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Federalism and Its Discontents: Guns, Germs and Insurrection

The views expressed are those of the author and do not necessarily reflect the views of ASPA as an organization.

By Alan H. Kennedy 
February 28, 2021

Photo courtesy of CBS News.

Has federalism failed? Donald F. Kettl answers in the affirmative in his book The Divided States of America: Why Federalism Doesn’t Work, and regarding inadequate responses to the COVID-19 pandemic, in his Public Administration Review article, “States Divided: The Implications of American Federalism for COVID-19.” Kettl argues that federalism causes inequalities stemming from policy differences between states. In this article, I go further than Kettl, finding evidence of failures of federalism not only in the context of COVID-19, but also in how federal inaction on guns caused jurisdictional externalities and how Electoral College flaws underpinned the insurrection. 

Federalism and Gun Policy 

Alexander Hamilton wrote in 1787, in, “Federalist No. 1: General Introduction,” that the system of federalism framed in the new Constitution would avoid another, “Unequivocal experience of the inefficiency of the subsisting federal government.” Hamilton was wrong. The inability of Congress to enact any meaningful laws designed to prevent gun violence, even after successive mass shootings in recent years, reflects systemic failure of federalism with deadly consequences. A century later, Woodrow Wilson observed in a seminal article, “The Study of Administration,” that it is difficult to, “Run a constitution,” efficiently if Congress abdicates the legislative branch’s responsibility to enact legislation that allows execution of tasks necessary to protect the public.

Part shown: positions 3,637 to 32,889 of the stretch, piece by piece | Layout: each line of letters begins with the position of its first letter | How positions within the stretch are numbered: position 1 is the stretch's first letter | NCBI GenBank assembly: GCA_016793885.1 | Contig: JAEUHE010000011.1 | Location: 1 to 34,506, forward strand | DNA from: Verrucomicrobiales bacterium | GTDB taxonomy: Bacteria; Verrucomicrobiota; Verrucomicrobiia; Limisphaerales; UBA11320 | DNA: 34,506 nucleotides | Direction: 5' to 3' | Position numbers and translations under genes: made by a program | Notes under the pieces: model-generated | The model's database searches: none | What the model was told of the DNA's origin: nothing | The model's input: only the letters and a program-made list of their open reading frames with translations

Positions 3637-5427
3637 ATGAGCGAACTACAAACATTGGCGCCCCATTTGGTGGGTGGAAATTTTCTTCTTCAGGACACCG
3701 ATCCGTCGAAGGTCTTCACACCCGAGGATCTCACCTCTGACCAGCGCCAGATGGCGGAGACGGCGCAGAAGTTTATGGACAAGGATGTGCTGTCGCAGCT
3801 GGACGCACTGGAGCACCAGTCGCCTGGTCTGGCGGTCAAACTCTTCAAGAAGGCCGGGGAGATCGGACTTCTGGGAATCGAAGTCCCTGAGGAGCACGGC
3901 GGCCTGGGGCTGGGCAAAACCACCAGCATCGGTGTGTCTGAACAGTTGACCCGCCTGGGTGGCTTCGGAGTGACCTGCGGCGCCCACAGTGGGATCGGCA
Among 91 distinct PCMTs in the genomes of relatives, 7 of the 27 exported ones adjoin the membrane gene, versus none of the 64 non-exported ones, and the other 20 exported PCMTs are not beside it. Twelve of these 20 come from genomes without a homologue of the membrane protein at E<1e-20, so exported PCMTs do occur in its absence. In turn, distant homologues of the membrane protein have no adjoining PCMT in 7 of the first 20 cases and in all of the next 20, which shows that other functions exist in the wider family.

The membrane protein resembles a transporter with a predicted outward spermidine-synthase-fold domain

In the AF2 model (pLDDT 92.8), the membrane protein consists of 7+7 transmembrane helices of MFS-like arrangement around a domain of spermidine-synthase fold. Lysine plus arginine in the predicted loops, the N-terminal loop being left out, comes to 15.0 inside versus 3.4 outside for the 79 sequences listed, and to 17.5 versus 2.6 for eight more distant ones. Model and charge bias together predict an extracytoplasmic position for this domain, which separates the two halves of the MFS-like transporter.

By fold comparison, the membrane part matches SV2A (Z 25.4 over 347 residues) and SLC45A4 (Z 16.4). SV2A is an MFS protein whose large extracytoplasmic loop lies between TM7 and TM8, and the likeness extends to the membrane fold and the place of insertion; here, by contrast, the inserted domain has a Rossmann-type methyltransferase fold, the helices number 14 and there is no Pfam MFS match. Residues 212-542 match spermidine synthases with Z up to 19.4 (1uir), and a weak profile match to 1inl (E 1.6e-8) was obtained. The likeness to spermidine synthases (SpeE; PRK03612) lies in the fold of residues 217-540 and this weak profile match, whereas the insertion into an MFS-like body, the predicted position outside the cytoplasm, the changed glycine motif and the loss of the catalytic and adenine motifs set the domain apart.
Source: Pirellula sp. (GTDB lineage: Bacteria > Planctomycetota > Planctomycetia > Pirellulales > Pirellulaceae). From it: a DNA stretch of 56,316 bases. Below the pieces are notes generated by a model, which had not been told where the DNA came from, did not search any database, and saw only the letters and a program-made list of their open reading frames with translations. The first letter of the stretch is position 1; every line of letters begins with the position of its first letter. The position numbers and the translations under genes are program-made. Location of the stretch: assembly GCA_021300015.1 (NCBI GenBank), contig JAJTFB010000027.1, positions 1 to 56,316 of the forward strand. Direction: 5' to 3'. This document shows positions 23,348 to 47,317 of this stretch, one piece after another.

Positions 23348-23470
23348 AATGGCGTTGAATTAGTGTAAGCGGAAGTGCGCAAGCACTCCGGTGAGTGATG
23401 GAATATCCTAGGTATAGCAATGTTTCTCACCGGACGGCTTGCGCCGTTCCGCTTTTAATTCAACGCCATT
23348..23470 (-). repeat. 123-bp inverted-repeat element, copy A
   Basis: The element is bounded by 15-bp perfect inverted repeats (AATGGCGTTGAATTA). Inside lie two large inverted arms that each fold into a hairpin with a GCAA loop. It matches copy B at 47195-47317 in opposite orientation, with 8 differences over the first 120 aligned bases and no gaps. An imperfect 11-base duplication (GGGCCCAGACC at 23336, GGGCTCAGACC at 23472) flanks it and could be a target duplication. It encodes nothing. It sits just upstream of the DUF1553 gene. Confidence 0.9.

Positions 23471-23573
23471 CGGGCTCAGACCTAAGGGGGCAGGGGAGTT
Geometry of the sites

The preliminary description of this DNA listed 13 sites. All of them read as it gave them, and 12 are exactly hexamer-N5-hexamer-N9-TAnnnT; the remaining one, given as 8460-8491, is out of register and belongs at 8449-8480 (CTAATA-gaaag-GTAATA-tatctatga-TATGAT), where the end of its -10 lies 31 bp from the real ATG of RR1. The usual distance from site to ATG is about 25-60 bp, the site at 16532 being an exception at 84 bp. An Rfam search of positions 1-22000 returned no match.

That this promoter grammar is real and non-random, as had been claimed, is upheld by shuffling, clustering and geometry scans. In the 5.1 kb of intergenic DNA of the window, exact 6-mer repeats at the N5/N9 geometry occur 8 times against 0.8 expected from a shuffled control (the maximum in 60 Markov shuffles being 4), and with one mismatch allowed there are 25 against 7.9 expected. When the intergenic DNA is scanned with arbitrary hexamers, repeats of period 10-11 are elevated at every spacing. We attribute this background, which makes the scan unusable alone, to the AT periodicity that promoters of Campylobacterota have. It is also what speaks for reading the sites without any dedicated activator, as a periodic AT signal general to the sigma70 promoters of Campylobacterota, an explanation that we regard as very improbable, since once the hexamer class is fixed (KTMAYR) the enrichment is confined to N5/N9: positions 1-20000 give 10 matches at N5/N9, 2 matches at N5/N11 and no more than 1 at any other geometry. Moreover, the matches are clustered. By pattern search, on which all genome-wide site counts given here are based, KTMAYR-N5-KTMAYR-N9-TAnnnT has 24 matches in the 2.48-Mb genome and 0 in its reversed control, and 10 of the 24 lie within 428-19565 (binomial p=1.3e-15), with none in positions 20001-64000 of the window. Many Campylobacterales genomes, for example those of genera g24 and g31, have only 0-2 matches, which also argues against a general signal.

Paralysis of Congress on what Joshua Newman and Brian Head termed a, “Wicked problem,” in a 2017 article, “The National Context of Wicked Problems,” is the opposite of good governance. In the absence of congressional action, state and local governments enacted a patchwork of gun laws that vary in their aims and effectiveness. Some jurisdictions banned assault rifles, imposed magazine limits and passed “red flag” laws, while other jurisdictions made it easier to buy, sell and transport guns. The consequences of disparate gun laws have included both legal and illegal movement of guns across state and city borders, resulting in deaths from guns that originated in places with fewer restrictions. In short, federalism has spawned havoc with regard to gun policy. 

Federalism and COVID-19 Policy 

Inadequate national and state responses to the COVID-19 pandemic in the United States, where more than 400,000 people have perished from the novel coronavirus, have been exacerbated by systemic failures similar to the failures which have plagued American gun policy for decades. As Kettl noted in, “States Divided,” in 2020, former President Donald Trump and Congress mostly left decisions regarding how to respond to the pandemic to the states, some of which in turn left decisions to individual cities. Such decisions included whether to mandate the wearing of masks, whether to restrict public institution and private business capacities to enforce social distancing, whether to require testing and contact tracing and whether to mandate COVID-19 vaccinations.